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Methuselah's Daughter Paperback – June 19, 2010
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About the Author
J.A. Eddy is an IT Engineer living in Concord, New Hampshire with his wife and three children. He created the character of Zsallia Marieko almost 30 years ago and has finally brought her to the printed page.
Dean Esmay is the proprietor of Dean's World, one of the oldest and most popular weblogs on the Internet. A professional writer and editor for over 20 years, he considers Methuselah's Daughter his proudest accomplishment as a writer.
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Top customer reviews
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In a story like this, personality and characterization is everything, and I am happy to say this was the book's strong suit. The reader is treated to a perspective of both the immortal and the mortal chronicler, and both come across as human and believable.
Another interesting feature is the way in which the book is structured. The narratives are broken up in a way to maximize drama and suspense. While reading I had no doubt of the skill of the authors.
I always enjoy the trope of an immortal character's impression of how civilization has developed. This book scores high in that regard as well.
Definitely recommended, and you can't beat the price.
Even though this is a 99 cent book, it is written in a much more professional manner than most of those efforts. The premise is simple, but the story is very complex. A woman puports to be very old, at least 3,500 years old. She wants to tell her story through a writer, but she first has to convince him of the truth of her life. Sounds simple but imagine if you had to prove that you were much older than normal, especially in this day and age. All data can be manipulated. Pictures, databases, "witnesses" can be compromised. And realize that such an immortal would purposefully stay under the radar as much as possible, severely limiting her historical footprint, for purposes of self-preservation. That makes proving her story that much more difficult.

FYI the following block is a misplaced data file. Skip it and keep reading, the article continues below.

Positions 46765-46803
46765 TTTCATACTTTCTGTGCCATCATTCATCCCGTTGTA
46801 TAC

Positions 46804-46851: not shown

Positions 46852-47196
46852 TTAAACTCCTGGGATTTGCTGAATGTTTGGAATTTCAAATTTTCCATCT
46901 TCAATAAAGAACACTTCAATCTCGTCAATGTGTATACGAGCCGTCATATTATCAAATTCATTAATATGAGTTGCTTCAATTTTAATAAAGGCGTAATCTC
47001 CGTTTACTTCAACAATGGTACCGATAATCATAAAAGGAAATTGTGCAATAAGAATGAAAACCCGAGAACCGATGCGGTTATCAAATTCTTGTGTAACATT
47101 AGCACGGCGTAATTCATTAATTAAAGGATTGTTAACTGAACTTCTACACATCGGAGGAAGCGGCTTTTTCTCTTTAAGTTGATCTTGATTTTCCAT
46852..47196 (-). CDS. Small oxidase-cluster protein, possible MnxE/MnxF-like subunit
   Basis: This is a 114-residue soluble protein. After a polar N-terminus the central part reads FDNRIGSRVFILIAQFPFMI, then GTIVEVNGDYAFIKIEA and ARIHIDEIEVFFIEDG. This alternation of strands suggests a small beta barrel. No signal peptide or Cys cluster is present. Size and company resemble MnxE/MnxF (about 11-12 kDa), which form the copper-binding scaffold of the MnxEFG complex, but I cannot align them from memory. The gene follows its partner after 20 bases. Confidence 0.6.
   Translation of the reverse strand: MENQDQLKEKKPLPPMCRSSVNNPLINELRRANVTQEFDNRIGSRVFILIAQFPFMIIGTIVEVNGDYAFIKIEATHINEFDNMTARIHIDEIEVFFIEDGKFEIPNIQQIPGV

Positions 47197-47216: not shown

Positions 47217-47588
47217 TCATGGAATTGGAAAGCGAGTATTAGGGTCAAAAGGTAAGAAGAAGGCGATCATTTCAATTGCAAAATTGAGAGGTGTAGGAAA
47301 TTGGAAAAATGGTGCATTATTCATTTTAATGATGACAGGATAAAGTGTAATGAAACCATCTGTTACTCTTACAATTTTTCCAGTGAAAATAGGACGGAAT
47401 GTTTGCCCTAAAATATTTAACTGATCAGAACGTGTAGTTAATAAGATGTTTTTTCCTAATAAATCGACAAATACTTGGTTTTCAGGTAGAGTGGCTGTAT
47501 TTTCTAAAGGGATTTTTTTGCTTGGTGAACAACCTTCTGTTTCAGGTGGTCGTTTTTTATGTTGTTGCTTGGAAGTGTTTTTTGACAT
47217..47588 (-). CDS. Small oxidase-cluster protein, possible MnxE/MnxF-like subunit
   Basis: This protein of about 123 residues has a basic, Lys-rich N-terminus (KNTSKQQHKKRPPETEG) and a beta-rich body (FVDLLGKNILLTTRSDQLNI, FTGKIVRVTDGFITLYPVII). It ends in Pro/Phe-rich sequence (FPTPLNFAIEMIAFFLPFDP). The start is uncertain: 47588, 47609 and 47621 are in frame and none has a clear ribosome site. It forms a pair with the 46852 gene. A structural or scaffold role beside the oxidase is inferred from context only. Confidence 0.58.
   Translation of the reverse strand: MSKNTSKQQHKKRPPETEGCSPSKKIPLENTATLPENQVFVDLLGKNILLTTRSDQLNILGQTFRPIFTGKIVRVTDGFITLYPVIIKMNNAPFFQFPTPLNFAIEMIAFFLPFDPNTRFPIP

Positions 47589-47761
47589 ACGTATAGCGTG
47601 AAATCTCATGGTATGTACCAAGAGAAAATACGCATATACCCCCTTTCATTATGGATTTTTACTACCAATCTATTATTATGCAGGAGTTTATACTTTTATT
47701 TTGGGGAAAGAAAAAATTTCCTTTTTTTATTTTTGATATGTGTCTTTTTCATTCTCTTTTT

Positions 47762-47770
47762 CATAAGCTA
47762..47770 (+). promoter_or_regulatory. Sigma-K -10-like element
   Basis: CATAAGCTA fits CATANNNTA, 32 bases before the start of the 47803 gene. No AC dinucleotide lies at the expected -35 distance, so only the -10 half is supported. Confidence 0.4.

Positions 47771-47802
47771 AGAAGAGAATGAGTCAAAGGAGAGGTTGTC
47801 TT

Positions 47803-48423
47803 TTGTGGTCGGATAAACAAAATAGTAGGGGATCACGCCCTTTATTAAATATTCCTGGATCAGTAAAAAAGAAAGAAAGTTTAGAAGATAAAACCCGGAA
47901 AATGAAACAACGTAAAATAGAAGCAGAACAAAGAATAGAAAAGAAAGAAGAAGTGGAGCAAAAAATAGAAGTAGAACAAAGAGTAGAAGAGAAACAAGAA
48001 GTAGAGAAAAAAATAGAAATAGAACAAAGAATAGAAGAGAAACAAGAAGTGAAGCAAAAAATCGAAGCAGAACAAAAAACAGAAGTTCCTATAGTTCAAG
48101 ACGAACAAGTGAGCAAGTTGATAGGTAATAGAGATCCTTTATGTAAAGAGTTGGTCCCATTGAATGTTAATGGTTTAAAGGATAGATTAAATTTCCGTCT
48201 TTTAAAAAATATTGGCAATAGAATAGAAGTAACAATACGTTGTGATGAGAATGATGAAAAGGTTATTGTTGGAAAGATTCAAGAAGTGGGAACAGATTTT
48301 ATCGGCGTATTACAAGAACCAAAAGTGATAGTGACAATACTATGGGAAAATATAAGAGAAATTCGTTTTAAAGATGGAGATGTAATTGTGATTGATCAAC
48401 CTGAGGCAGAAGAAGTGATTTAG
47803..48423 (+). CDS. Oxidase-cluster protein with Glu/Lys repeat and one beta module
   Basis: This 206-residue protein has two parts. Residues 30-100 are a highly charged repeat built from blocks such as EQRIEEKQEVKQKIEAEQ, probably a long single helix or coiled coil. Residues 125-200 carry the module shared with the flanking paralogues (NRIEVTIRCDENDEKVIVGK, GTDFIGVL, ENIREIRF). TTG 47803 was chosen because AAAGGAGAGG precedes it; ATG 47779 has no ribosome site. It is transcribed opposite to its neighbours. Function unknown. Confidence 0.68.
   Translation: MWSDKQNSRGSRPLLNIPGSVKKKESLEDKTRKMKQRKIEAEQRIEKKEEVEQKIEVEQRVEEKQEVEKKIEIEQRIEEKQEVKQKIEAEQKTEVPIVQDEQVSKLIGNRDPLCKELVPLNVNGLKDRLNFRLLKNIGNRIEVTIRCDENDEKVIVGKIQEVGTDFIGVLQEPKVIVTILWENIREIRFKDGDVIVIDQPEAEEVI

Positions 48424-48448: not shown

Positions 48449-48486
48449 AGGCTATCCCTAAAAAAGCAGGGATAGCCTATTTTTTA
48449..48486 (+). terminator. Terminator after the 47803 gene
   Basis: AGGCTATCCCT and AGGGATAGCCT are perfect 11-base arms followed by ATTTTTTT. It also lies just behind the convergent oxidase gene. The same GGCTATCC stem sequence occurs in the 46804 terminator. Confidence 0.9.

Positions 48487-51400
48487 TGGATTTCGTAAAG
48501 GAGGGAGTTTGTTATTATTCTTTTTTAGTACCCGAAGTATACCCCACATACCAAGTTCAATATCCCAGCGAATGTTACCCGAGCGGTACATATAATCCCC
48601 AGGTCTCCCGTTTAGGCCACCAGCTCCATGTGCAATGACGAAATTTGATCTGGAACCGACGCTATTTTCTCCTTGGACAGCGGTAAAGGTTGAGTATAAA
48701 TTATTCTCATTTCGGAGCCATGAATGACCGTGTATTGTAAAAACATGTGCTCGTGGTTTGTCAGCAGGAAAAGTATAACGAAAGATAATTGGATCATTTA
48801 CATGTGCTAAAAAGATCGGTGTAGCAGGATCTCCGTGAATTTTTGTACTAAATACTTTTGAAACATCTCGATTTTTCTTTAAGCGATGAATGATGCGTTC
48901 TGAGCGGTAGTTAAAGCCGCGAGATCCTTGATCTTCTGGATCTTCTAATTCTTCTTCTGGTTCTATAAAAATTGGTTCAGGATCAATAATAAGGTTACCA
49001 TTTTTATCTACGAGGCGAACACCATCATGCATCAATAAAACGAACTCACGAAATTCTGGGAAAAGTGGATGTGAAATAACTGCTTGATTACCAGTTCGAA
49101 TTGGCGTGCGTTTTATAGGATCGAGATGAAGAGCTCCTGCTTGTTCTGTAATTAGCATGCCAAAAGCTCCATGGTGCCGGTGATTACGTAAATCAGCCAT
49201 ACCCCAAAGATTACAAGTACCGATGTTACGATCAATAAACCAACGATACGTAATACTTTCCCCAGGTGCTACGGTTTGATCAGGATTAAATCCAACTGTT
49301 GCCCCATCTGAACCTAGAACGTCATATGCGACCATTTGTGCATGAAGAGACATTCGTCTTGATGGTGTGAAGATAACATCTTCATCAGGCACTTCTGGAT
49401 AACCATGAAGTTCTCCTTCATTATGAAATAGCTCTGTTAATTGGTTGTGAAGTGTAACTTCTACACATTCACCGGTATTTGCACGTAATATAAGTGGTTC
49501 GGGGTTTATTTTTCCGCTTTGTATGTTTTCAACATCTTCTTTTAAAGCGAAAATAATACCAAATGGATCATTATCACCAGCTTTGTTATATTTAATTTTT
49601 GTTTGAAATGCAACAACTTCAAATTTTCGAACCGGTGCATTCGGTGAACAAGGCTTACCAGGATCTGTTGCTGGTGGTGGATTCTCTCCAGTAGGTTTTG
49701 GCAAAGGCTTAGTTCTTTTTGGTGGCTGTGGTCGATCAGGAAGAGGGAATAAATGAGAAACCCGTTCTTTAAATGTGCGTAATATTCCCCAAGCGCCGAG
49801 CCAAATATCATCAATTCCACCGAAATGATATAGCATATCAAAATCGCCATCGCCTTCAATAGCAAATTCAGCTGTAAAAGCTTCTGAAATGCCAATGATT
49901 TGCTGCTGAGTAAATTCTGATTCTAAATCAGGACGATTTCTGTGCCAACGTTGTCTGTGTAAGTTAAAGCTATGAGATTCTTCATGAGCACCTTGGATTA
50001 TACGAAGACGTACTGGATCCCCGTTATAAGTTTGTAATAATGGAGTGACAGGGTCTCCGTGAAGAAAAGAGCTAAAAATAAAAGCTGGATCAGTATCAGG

But that is only part of the story. One other part is her adventures over her long life. These parts are especially intriguing as the authors have chosen non-obvious eras and places (so far) for the ageless woman. Instead of a pedantic and predictable "greatest hits" of history, we the readers get more obscure and more interesting moments.
The best part of the tale for me by far is the impact she has on modern people, and their automatic desire for immortality themselves. Good companions to this book are The Postmortal: A Novel for a unique take on the realistic consequences of immortality and Gladiator for a measured study on the loneliness of a superman.
I plan to update this review after I finish the book, but don't wait, download this book now and you won't regret it.
I finished the book and have to really congratulate the authors for keeping the quality up through the entire book. There was no second act fade in either plot or writing. The book makes the titular character increasingly complex. I also appreciate that there was no spoonfeeding of conclusions to the reader. There were threads that were left hanging (somewhat), but in a way that I am completely satisfied contemplating them on my own. If a sequel is never written (but I hope it will be) I will not be frustrated, because the authors provide enough satisfaction with the ending of this book.
The writing is excellent; so much so we gave our hard cover to our granddaughter in college. She is an aspiring writer, and we wanted to give her an example of the kind of quality to work toward.
With the hard cover gone, we needed another, so we got the Kindle edition for re-reading while we await the sequel.
But they do offer: Zsallia's perfect voice telling a story as messy and hard as it would be to live. Her dark side is especially clearly and unflinchingly presented. Some of the other characters suffer from voice failure (Novak, the Lawyer and one other person address the narrator as "Sonny." Who does that? And I live/lived in Michigan and Pennsylvania!) but they are minor and easily forgiven. I really enjoyed this.